Is it possible Juan Soto got … even better at the plate?
It appears so.
The three-time Silver Slugger and former batting title holder knows a thing or 40 about being successful in the batter’s box. What he’s been able to do this spring is perfect some of those attributes.
His timing and the way he sees the ball are the two more prominent ways he’s only getting better at the game.
“Definitely, I feel great,” Soto told the media on Friday, including MLB.com’s AJ Cassavell. “I feel like my timing is right on point. You’ve just got to keep grinding.”
Sure, timing sounds like a fundamental part, but simplifying the approach oftentimes is what leads to positive results. The cliches are there for a reason. Say what you want about spring training numbers, but when you’re batting with a .727 average and eight hits in 11 Cactus League at-bats, you pay attention.
He also had more plate appearances while he was representing the Dominican Republic during the World Baseball Classic. His at-bats were so prominent during the tournament, striking him out resulted in a big-league signing for a young, 21-year-old pitcher.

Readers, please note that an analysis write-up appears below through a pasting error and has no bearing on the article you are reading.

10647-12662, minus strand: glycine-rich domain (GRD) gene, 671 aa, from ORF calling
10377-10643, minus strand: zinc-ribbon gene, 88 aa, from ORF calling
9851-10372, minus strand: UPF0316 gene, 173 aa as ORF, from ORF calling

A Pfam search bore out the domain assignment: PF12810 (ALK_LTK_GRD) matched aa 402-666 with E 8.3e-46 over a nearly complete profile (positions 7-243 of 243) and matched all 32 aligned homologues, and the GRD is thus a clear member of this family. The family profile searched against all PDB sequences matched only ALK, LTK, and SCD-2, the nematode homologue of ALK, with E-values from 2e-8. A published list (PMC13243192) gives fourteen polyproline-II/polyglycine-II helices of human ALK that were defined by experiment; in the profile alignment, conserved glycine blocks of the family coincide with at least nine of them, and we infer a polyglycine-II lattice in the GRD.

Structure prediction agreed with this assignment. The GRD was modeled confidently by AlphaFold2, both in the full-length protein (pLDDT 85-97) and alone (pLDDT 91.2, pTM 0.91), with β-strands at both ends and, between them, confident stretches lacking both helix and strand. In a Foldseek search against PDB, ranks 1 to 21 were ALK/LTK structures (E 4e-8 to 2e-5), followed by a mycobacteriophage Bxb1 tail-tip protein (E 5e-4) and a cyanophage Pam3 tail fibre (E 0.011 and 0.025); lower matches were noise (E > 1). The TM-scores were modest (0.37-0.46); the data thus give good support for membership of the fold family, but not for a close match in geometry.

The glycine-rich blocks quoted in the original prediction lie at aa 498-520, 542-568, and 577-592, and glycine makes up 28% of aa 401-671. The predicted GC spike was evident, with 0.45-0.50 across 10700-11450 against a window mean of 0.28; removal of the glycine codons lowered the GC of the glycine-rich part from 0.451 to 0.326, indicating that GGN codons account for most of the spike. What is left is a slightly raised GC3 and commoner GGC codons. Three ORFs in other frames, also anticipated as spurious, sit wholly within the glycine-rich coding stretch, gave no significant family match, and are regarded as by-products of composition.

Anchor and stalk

Soto finished his WBC campaign hitting .400, with some home runs that brought the crowd to their feet.
He also says the way he sees the ball is why those numbers are where they’re at now.
“It’s way different, the way I’m seeing the ball now,” Soto said. “Right now, I’m feeling like 2020 Spring Training, and it’s a great feeling, just amazing how I’m seeing the ball.”
Juan Soto says he’s seeing the ball “way different” than he did last year and that his mechanics were “off” during all of last season. Soto compares how he’s feeling now to Spring Training in 2020.
Soto: “Just amazing how I’m seeing the ball.” pic.twitter.com/8r3yE34xxq
— 97.3 The Fan (@973TheFanSD) March 17, 2023
After Soto was brought over to the Padres last season as part of a massive trade with the Washington Nationals, he left a lackluster output on the table.
He slashed .236/.388/.390 with San Diego— the lowest trio of numbers across his career. Not to worry though.
“Mechanically, I was off last year, the whole year,” Soto explained. “I tried to find my mechanics, but I think I really found it again.”